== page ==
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Some Ex-Backers Cool to Gephardt’s Bid

When Rep. Richard Gephardt (Mo.) ran for president in 1988, he benefited from overwhelming support from his House colleagues, a level of backing he has yet to replicate in his second bid for the Democratic nomination.

In October 1987, Gephardt, then a five-term Member and Democratic Caucus chairman, had secured 53 Member endorsements. He currently has 32 House backers, but Gephardt campaign insiders believe he will match his 1988 total prior to the Iowa caucuses on Jan. 19, 2004.

Ex-Rep. Vic Fazio (Calif.), a Gephardt supporter in 1988 and again this cycle, argued that a victory in Iowa will deliver a number of “on the fence” Members to his camp.

“A lot of people who are looking to be with a winner will come around,” Fazio predicted.

Other past Congressional backers of Gephardt were less optimistic.

“The dynamics are totally different,” said former Rep. Dave McCurdy (Okla.), a 1988 Gephardt supporter who is now the head of the Electronics Industry Alliance. “In 1988 he was a moderate alternative, he was different.”

“People were truly interested in a new campaign and he wasn’t as clearly defined,” added McCurdy.

Ex-Rep. Tony Coelho (Calif.), another 1988 Gephardt supporter, agreed, noting that when the Missouri Congressman ran the first time, he benefited from excitement among House Members about one of their own seeking the presidency.

“To a great extent the novelty of it is no longer there,” said Coelho. Gephardt isn’t even the lone House Member competing this year, as Rep. Dennis Kucinich (Ohio) is also in the race.

Gephardt backers argue that he is actually in much the same position in terms of Member endorsements now that he was 16 years ago.

At that time, Democrats held 255 House seats; they now hold 205. Gephardt had the support of 21 percent of the Caucus then compared to 16 percent now.

But, even his most ardent supporters acknowledge that after eight years as leader of his party in the House, Gephardt has made some enemies because of difficult decisions made during that tenure.

“We had to make a lot of decisions in a tough environment,” said senior adviser Steve Elmendorf, adding that when Democrats lost the majority in the 1994 elections, Gephardt had to knock Members off exclusive committees such as Ways and Means, Appropriations and Energy and Commerce. “For every person we put on a committee there were five or six we left off.”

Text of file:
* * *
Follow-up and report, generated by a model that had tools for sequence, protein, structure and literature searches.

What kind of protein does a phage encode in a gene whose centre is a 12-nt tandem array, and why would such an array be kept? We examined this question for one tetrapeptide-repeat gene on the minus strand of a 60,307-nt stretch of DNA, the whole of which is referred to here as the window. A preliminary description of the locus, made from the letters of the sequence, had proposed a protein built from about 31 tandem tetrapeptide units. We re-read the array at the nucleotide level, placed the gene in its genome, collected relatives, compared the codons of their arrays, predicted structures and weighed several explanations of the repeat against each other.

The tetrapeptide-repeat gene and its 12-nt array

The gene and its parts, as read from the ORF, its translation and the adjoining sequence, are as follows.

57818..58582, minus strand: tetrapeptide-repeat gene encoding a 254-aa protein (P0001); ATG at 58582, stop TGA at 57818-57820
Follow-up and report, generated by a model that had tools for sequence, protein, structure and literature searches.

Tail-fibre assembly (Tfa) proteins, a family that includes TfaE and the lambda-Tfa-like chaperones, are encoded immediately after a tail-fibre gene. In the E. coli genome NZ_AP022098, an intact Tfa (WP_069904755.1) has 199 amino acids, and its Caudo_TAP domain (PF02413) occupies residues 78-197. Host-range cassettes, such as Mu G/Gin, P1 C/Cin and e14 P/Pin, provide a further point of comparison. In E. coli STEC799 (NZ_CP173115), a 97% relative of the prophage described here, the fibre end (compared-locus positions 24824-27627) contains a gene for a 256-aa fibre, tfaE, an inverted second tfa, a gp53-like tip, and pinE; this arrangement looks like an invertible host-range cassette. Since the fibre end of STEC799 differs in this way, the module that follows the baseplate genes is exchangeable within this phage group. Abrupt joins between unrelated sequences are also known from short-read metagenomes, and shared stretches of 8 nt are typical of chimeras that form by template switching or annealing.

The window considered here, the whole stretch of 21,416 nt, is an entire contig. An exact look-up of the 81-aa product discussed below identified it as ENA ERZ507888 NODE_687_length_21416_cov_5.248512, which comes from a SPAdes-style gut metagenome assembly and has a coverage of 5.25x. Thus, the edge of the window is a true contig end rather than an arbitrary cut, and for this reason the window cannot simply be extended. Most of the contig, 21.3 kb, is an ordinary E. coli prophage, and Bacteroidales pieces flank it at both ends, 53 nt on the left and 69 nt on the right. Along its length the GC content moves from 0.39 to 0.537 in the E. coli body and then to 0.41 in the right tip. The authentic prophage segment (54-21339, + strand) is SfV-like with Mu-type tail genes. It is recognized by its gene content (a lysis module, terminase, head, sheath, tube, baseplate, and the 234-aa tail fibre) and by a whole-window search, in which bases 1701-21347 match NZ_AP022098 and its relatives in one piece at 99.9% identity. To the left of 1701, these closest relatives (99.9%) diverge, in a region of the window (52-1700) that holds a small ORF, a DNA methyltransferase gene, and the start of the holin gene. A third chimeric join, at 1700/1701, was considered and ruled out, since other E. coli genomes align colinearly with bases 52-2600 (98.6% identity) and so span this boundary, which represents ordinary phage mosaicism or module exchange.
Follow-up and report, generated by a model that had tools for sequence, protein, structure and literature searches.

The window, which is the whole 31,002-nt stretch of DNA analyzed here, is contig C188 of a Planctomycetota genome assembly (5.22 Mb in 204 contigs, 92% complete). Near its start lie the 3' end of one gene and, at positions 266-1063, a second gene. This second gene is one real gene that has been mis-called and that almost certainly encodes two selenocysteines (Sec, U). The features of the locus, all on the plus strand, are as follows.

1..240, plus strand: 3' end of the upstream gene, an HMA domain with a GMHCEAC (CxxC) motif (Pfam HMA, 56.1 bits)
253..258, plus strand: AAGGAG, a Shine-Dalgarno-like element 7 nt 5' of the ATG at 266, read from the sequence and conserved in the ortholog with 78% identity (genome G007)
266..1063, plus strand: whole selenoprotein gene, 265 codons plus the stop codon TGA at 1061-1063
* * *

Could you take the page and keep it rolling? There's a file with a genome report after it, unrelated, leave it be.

The campaign also noted that Gephardt’s decision to support the Iraq war resolution and the Bipartisan Campaign Reform Act alienated many Members.

Spokesman Erik Smith called those votes “the right thing to do.”

“If he were trying to do the political thing he would have had a lot more Congressional support,” Smith added.

Rep. Zoe Lofgren (Calif.), the first House supporter of former Vermont Gov. Howard Dean, said Gephardt’s stance on the war was “very distressing” and that his approach to committee assignments led Members to “question his tactics in addition to being unhappy about the outcome.”

As for Gephardt’s current bloc of support, Lofgren said “many who have endorsed him have done so out of a sense of obligation and they are not happy about it.”

Not all of Gephardt’s difficult decisions as they relate to intraparty squabbles turned out poorly, Elmendorf maintained.

Gephardt supported Rep. John Spratt (S.C.) over Rep. Louise Slaughter (N.Y.) for ranking member on the Budget Committee in 1996, a fight his candidate won on a 106-83 vote. Spratt has endorsed Gephardt; Slaughter has endorsed Sen. John Kerry (D-Mass.).

“I’d rather have the dean of the South Carolina delegation in our corner,” said Elmendorf. South Carolina, which will host its Democratic presidential primary Feb. 3, is shaping up to be a key state in the nomination fight.

Similarly, Gephardt backed Rep. James Clyburn (S.C.) over Rep. Gregory Meeks (N.Y.) for conference vice chairman in late 2002, a race in which Clyburn defeated Meeks and Lofgren.

“We are very hopeful Clyburn will return the favor,” said Elmendorf. Clyburn, the most powerful elected official in the state, is expected to back Gephardt. Meeks has thrown his support to Kerry.